U.S. stocks were indicated lower on Friday as the impact of coronavirus continues to weigh on multinational companies and is now limiting travel in Japan.
Coca-Cola Co. said the outbreak of COVID-19, the infectious disease that originated in Wuhan, China last year, will crimp its coming quarterly results.
Futures for the Dow Jones Industrial Average YMH20, -0.33% were down 114 points, or 0.4%, at 29,057, those for the S&P 500 ESH20, -0.35% were off 13.95 points at 3,355.25, a decline of 0.4%, while Nasdaq-100 futures NQH20, -0.32% retreated 46.50 points, or 0.5%, to 9,578.25.
On Thursday, the Dow DJIA, -0.44% closed down 128.05 points, or 0.4%, at 29,219.90, after hitting an intraday low at 28,959.65. The S&P 500 SPX, -0.38% lost 12.92 points, or 0.4%, to end at 3,373.23. The Nasdaq Composite Index COMP, -0.67% shed 66.21 points, or 0.7%, to settle at 9,750.96, after hitting an intrasession nadir at 9,636.94.
The small-cap Russell 2000 index RUT, +0.21%, meanwhile, added 3.5 points, or 0.2%, to finish at 1,696.07.
For the week, the Nasdaq Composite is clinging to a 0.2% gain, the Dow was off 0.6%, the S&P 500 was on track for a 0.2% decline, while the Russell 2000 was aiming for a weekly gain of 0.5%, as of Thursday’s close.
The spread of COVID-19 inside and outside of China has been unsettling the market lately, likely contributing to gains in havens like government bonds and gold, with investors showing reluctance to hold on to equities heading into the weekend — a recent trend.
South Korea has reported 48 more cases, bring its total infections from the novel coronavirus to 204, and in Japan, officials from Tokyo and Osaka said they wouldn’t hold large events such as school graduation ceremonies and entrance examinations for three weeks through mid-March, in an effort to contain the viral outbreak, the Wall Street Journal reported.
Meanwhile, the World Health Organization said Friday that there are 76,767 confirmed cases of COVID-19 and 2,247 deaths, marking another day in which the number of new cases world-wide has slowed.
The full economic impact of the disease is unclear but early indications suggest that it is already denting China’s car sales. Chinese passenger car sales data for the first two weeks of February showed a year-over-year decline of 92%, Bloomberg News reported. And in the first 16 days of the month, only about 5,000 passenger cars were sold compared with nearly 60,000 in the same period of last year, the data showed.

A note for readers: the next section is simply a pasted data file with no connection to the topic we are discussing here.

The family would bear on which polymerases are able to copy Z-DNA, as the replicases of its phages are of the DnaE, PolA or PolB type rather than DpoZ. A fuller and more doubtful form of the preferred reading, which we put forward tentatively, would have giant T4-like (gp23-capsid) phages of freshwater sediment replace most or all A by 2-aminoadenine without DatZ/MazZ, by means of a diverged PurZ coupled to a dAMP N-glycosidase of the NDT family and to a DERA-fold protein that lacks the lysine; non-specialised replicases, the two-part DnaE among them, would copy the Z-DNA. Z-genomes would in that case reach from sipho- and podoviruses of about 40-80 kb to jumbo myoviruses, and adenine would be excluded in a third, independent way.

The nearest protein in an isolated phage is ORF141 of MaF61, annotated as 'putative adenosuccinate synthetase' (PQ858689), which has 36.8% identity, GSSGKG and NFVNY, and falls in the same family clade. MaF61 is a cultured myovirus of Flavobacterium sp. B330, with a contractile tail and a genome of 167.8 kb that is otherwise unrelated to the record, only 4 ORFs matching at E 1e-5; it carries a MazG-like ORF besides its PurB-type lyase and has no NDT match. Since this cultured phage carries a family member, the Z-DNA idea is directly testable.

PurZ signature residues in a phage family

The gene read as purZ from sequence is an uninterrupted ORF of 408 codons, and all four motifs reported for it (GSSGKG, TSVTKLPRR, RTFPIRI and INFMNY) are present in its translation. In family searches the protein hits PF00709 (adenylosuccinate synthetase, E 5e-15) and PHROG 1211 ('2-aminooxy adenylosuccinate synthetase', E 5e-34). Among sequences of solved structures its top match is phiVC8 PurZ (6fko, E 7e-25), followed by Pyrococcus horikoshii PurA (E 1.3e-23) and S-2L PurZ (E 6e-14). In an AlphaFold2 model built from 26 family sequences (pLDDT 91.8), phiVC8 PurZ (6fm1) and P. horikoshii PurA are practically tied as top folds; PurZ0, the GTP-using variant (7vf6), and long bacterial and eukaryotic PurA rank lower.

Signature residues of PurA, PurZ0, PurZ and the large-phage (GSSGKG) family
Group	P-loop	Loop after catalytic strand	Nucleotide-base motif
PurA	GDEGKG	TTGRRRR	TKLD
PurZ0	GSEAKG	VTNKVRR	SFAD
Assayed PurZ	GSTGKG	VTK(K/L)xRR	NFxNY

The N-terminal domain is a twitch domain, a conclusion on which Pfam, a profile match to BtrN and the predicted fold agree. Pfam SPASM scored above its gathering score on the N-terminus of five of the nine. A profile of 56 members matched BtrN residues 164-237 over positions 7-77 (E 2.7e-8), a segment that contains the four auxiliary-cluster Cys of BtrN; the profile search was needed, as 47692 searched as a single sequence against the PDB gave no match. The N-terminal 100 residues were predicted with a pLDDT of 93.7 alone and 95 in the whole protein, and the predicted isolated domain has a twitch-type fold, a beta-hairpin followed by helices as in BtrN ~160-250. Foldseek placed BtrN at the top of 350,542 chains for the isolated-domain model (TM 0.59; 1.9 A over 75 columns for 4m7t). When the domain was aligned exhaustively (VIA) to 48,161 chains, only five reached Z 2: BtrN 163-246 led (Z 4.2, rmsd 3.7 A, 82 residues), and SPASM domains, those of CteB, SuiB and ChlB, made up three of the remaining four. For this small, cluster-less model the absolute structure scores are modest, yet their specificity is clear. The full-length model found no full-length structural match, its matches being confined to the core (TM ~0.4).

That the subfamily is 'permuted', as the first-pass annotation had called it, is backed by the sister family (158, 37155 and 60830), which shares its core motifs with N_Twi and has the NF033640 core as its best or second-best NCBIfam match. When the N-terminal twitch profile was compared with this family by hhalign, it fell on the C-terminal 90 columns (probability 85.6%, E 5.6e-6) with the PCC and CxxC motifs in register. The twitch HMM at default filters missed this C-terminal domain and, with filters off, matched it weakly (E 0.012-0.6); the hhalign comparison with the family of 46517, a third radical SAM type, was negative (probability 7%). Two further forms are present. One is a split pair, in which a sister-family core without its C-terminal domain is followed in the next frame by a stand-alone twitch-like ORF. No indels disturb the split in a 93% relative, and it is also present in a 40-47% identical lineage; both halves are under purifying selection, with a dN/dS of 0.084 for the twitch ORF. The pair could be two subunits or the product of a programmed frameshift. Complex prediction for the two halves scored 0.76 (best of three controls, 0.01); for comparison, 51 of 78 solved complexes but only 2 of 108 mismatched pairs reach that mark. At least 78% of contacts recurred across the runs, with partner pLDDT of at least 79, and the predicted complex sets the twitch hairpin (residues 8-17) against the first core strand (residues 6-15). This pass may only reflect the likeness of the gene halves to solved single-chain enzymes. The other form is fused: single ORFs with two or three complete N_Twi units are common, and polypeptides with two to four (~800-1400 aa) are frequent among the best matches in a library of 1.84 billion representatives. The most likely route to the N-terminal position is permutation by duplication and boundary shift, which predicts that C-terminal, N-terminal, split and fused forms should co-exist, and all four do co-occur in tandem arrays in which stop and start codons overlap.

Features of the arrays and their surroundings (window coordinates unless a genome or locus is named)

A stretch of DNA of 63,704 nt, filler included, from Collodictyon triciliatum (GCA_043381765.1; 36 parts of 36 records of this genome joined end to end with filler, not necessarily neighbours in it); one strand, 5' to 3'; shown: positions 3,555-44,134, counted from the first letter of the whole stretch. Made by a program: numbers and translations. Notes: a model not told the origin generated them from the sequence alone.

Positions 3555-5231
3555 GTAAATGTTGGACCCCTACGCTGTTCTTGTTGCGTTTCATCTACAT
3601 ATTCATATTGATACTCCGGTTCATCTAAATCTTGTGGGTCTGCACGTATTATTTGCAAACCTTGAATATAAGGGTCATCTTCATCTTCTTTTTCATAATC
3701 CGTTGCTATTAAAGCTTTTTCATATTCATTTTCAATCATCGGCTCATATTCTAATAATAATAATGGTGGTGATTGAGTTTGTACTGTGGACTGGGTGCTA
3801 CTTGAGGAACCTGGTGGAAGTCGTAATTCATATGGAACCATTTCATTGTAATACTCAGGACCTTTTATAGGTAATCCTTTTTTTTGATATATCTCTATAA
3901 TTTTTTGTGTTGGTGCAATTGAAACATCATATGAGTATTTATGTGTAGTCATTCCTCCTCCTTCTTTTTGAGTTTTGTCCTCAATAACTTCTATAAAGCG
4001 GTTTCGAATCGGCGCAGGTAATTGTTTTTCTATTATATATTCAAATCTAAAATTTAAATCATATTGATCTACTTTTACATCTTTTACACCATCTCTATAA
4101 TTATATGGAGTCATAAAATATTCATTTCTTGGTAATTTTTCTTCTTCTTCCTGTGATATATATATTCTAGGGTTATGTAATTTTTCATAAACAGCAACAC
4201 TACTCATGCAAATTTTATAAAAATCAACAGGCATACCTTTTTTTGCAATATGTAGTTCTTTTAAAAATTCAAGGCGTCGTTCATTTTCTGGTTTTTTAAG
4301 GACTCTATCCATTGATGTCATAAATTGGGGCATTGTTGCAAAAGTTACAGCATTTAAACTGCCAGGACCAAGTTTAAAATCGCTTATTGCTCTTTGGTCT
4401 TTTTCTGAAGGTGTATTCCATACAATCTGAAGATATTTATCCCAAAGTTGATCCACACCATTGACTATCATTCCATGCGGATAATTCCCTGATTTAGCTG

“How pronounced and persistent the further fallout on the Chinese and global auto sector will be in the next few months is impossible to forecast,” wrote UniCredit economist Andreas Rees in a Friday research report.
Separately, Coca-Cola KO, -0.08% said it estimates an approximate 2- to 3-point impact to unit case volume, 1- to 2-point impact to organic revenue and 1- to 2-penny impact to earnings per share for the first quarter, citing coronavirus. China ranks as the third-largest market in the world in terms of unit case volume.
“Needless to say, the most important factor is the evolution of the coronavirus,” Rees wrote.
Looking ahead, investors will be watching a flash reading of U.S. private-sector manufacturing activity, the PMI Composite Flash, due at 9:45 a.m. Eastern Time, and a reading of existing home sales for January at 10 a.m.
The price of a barrel of West Texas Intermediate crude for March delivery US:CLH20 fell 91 cents, or 1.7%, at $52.97 a barrel on Friday on the New York Mercantile Exchange, after rising 0.9% on Thursday.
Gold for April delivery GCJ20, +1.54% was headed for seventh straight gain, jumping 1.1% to $1,637.80 an ounce on Comex, adding to its rise to its loftiest levels since February of 2013.
The benchmark U.S. 10-year Treasury note TMUBMUSD10Y, -2.28% shed 3.3 basis points to 1.49% while the yield on the 30-year T-bond TMUBMUSD30Y, -2.27% extended its retreat toward an all-time low. Bond yields fall when prices rise.
In Europe, the Stoxx Europe 600 SXXP, +0.05% traded 0.1% higher, while the FTSE 100 UKX, -0.07% was trading flat.
Trade was mixed in Asia overnight. The China CSI 300 000300, +0.12% rose 0.1%, Hong Kong’s Hang Seng Index HSI, -1.09% fell 1.1%, while the Shanghai Composite SHCOMP, +0.31% advanced 0.3%. Japan’s Nikkei NIK, -0.39% retreated 0.4%, while South Korea’s Kospi 180721, -1.49% tumbled 1.5%.
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